by Mary Norton
illustrated by Diana Stanley
Mrs. Driver is out for blood. She is going to find out who is responsible for the missing items. She is suspicious of everyone, giving Crampfurl strange looks, and wondering if Great-Aunt Sophy was the culprit, and going through the Boy’s things when he was asleep. She decides to stay up at night to catch the thief in the act. The house is quiet but then she starts hearing noises, a sigh, an echo of movement. She creaks down the stairs but sees nothing. Then she gets a glimpse of light coming from under the floor. She yanks the floorboard up and is startled by the sight of “hundreds” of mice, with faces, hands and feet, running about and squeaking. Crampful arrives in the kitchen after hearing her shrieking. He is not convinced when Mrs. Driver tells him what happened and believes the boy is responsible for hiding things down there. When they start pulling up things from the hole, they are amazed at the collection of items, including a very valuable emerald watch. Mrs. Driver informs Crampful that this is “a case for the police.”
Mrs. Driver must have been a sight jumping around the kitchen and blustering about the hundreds of mice she saw, all “dressed up” when she yanked up that kitchen floorboard. Now seeing that there were only three Borrowers down there, that’s quite a stretch to the imagination!! Still, I would probably do the same thing if it were me that lifted that floorboard. Just the thought that something four-legged was living under there . . . Now if I came to know a Borrower, that would be totally different.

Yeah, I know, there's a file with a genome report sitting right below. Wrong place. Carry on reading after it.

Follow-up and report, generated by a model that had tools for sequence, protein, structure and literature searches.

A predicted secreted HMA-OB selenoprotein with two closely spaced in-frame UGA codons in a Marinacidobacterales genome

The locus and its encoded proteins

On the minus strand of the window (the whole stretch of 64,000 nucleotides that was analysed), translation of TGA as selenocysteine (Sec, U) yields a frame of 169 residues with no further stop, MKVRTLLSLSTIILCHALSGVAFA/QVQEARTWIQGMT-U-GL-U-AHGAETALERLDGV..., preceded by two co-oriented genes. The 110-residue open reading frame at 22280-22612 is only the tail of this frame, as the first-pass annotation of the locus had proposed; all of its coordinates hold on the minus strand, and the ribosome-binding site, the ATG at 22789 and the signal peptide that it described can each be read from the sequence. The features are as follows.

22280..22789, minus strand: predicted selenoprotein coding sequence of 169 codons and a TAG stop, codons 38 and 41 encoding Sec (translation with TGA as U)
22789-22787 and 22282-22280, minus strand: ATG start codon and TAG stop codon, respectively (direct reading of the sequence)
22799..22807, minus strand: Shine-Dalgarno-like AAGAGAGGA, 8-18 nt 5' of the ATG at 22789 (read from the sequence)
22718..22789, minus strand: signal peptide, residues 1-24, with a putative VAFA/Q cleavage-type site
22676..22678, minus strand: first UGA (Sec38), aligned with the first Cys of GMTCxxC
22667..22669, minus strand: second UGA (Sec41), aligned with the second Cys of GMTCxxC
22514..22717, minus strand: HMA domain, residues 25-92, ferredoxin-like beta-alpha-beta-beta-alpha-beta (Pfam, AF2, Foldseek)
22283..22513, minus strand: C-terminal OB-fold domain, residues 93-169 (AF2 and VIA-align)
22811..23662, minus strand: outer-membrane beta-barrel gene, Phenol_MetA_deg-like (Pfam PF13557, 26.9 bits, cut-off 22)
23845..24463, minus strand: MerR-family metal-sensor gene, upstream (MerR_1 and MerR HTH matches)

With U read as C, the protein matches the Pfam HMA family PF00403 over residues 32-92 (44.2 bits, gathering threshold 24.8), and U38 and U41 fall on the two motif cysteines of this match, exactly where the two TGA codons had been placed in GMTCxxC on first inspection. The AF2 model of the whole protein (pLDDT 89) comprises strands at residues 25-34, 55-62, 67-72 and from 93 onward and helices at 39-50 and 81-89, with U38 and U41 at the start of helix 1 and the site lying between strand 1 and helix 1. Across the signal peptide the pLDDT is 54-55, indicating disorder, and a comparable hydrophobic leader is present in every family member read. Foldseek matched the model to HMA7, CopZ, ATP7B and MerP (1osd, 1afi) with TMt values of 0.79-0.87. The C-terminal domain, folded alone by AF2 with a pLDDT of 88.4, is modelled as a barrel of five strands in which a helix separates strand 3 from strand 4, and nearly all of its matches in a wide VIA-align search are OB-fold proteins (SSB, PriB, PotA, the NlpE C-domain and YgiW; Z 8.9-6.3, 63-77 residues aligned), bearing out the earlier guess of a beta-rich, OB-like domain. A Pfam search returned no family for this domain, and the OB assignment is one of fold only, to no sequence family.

Imagine what Pod, Homily and Arrietty felt when that floorboard was yanked up of their heads. They must have known there was immediate danger because they all scurried away and they don’t do that with the Boy. I wonder what will happen to them now. There is no way they can stay in their apartment. Mrs. Driver is going to bring in the police. They will think she has been into the sherry when she explains to them that there are hundreds of dressed up mice living under the floorboard and stealing household items.
Yeah--and what is worse for
her--seeing miniature dressed people or miniature dressed
I can imagine how Homily felt. She knows there's nothing for it now but to emigrate. Poor Homily!
I would rather see dressed tiny people than dressed mice any day. Good thing she was not quick enough to catch them.
Ha! Me, too. I always wonder at the fascination of dressing up little mice "dolls"...
although I do concede the Beatrix Potter mice to be appealing.
Maybe it depends on the mouse that is being dressed up!!
I feel really bad for Homily now. Pod and Arrietty, I believe, will adjust well to a new surrounding, but Homily . . .